Some businesses lack personality. It’s hard to remember what sets them apart from their competitors. Other businesses have so much personality that they leave a lasting impression on every one of their customers.
You want your brand to fall into the latter category. And to accomplish that, you’ll need to build a strong brand identity. Here’s our advice on how to get started.
Laying a Foundation
The first three steps involve defining your brand’s objectives and getting to know your niche.
Know Your Mission and Your Values
You probably already know how to describe your business’ physical goods and services. But articulating your brand’s core philosophies is a trickier task.
Take some time to think about your business’ mission statement. Aside from making a profit, what do you hope to achieve? What’s the greater purpose behind your products?
Tesla says its mission is “to accelerate the world’s transition to sustainable energy.” It’s a simple statement that offers insight into the brand’s priorities.
You should also jot down your values. These are principles that guide your business decisions and help you relate to consumers. For example, one of Apple’s core values is prioritizing simplicity over complexity, and that often manifests in its user-friendly products.
Research Your Audience
Your target audience is the group of people most likely to buy your products and agree with your brand’s mission and values. For example, Tesla’s audience includes people who are both environmentally conscious and able to afford cutting-edge technology.
Get specific as you zero in on demographics. Are your customers more likely to be men or women? Do they live in a certain region? What’s their age range, and have they likely achieved a certain level of education?
Knowing these details will be useful when you begin to establish your brand’s voice and messaging.
Research Your Competitors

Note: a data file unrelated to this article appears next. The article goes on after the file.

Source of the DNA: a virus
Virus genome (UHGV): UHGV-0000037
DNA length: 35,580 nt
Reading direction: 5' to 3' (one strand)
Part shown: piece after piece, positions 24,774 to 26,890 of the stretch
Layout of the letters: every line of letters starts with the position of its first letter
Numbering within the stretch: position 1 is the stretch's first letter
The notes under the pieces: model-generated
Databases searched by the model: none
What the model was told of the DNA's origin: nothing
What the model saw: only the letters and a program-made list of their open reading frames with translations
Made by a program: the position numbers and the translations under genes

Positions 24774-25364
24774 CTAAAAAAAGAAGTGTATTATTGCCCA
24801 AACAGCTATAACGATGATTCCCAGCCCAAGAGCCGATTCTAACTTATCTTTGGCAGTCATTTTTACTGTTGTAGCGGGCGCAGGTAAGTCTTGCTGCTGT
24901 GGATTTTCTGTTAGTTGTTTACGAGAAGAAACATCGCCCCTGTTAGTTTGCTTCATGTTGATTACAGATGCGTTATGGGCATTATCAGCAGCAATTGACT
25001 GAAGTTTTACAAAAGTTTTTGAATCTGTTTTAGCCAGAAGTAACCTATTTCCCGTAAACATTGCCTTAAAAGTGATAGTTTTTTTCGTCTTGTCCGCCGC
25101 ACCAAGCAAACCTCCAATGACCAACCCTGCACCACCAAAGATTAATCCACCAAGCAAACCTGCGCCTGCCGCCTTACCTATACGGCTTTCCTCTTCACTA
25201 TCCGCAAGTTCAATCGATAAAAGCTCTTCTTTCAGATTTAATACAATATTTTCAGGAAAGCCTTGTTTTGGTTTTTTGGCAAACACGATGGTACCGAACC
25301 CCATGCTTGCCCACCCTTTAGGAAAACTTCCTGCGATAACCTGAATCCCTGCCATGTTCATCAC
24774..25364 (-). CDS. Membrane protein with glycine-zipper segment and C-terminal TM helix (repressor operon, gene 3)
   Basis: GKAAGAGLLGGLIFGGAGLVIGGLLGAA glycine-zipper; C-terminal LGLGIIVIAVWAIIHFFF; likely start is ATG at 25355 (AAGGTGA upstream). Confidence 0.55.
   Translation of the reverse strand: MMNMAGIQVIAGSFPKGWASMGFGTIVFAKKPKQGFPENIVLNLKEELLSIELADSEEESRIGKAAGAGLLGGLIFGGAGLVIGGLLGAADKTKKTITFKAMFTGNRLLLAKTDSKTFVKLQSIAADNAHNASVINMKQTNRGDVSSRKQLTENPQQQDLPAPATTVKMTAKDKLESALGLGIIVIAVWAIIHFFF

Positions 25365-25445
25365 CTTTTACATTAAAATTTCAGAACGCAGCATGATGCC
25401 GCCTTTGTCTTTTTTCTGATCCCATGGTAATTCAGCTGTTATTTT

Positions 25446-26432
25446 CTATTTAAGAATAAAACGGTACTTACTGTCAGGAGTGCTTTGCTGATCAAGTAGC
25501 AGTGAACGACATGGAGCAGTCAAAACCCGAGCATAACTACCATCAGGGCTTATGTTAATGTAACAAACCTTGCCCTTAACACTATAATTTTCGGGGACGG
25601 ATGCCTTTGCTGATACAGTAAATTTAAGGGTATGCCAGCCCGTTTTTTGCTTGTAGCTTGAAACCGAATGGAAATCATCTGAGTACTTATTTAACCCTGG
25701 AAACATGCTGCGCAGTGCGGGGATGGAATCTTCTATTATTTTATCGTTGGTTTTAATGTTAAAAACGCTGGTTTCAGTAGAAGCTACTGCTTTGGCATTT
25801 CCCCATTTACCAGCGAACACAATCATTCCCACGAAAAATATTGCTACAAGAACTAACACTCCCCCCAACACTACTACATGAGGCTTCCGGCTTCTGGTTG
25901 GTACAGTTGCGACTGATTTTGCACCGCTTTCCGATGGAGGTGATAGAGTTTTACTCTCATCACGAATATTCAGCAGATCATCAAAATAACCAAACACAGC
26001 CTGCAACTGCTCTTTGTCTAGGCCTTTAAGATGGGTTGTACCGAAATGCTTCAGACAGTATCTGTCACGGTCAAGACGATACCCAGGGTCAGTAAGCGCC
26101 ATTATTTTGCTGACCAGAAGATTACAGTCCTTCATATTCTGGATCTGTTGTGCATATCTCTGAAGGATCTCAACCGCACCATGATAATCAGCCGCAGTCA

Unless you’ve invented something the world has never-ever seen before, you’re going to be facing competitors who inhabit the same industry. Research those rivals, especially the really successful ones. You might learn a thing or two about the industry or the customers.
But your goal isn’t to copy all of their slogans and social media tactics. Your goal is to find ways to make your brand stand out from the rest. How is what you’re offering different from what your competitors are offering?
The Creative Elements
As you move onto the more creative aspects of building a brand identity, never lose sight of your principles, your audience or what makes your brand unique.
Create a Name and Logo
You want the name of your brand to be easy to remember. Alliteration works well, but it’s not essential for success. Keep it simple, creative and easy to pronounce.
The logo is almost just important as the name. It gives consumers a visual – a face to picture when they hear the name. The logo can be simplistic like Nike’s swoosh or McDonald’s golden arches. Or it can be a little more complex, like the Starbucks’ siren. Most importantly, it has to be unique and recognizable.
Choose Your Colors and Typography
These more subtle elements also give your brand a personality. So, start by jotting down a few adjectives that describe your brand.
Do you want consumers to see you as a classy jeweler? A playful merchant of children’s toys? A rugged brand that sells camping equipment? Or maybe a sleek and sharp tech startup?
Use your adjectives to decide on a color scheme and font. For example, a toymaker might use bubbly font and bright colors such as yellow and red.
Develop a Voice
The writing style you use to connect with your customers should be consistent in your ads, company blog and social media posts. Again, you’ll want to rely on your list of adjectives to develop an appropriate voice. A laid-back gardening business will sound different from a high-energy gym.
Don’t shy away from gradually refining your voice – or other brand elements – as you learn more about what appeals to your customers. But avoid sudden shifts that might confuse your audience.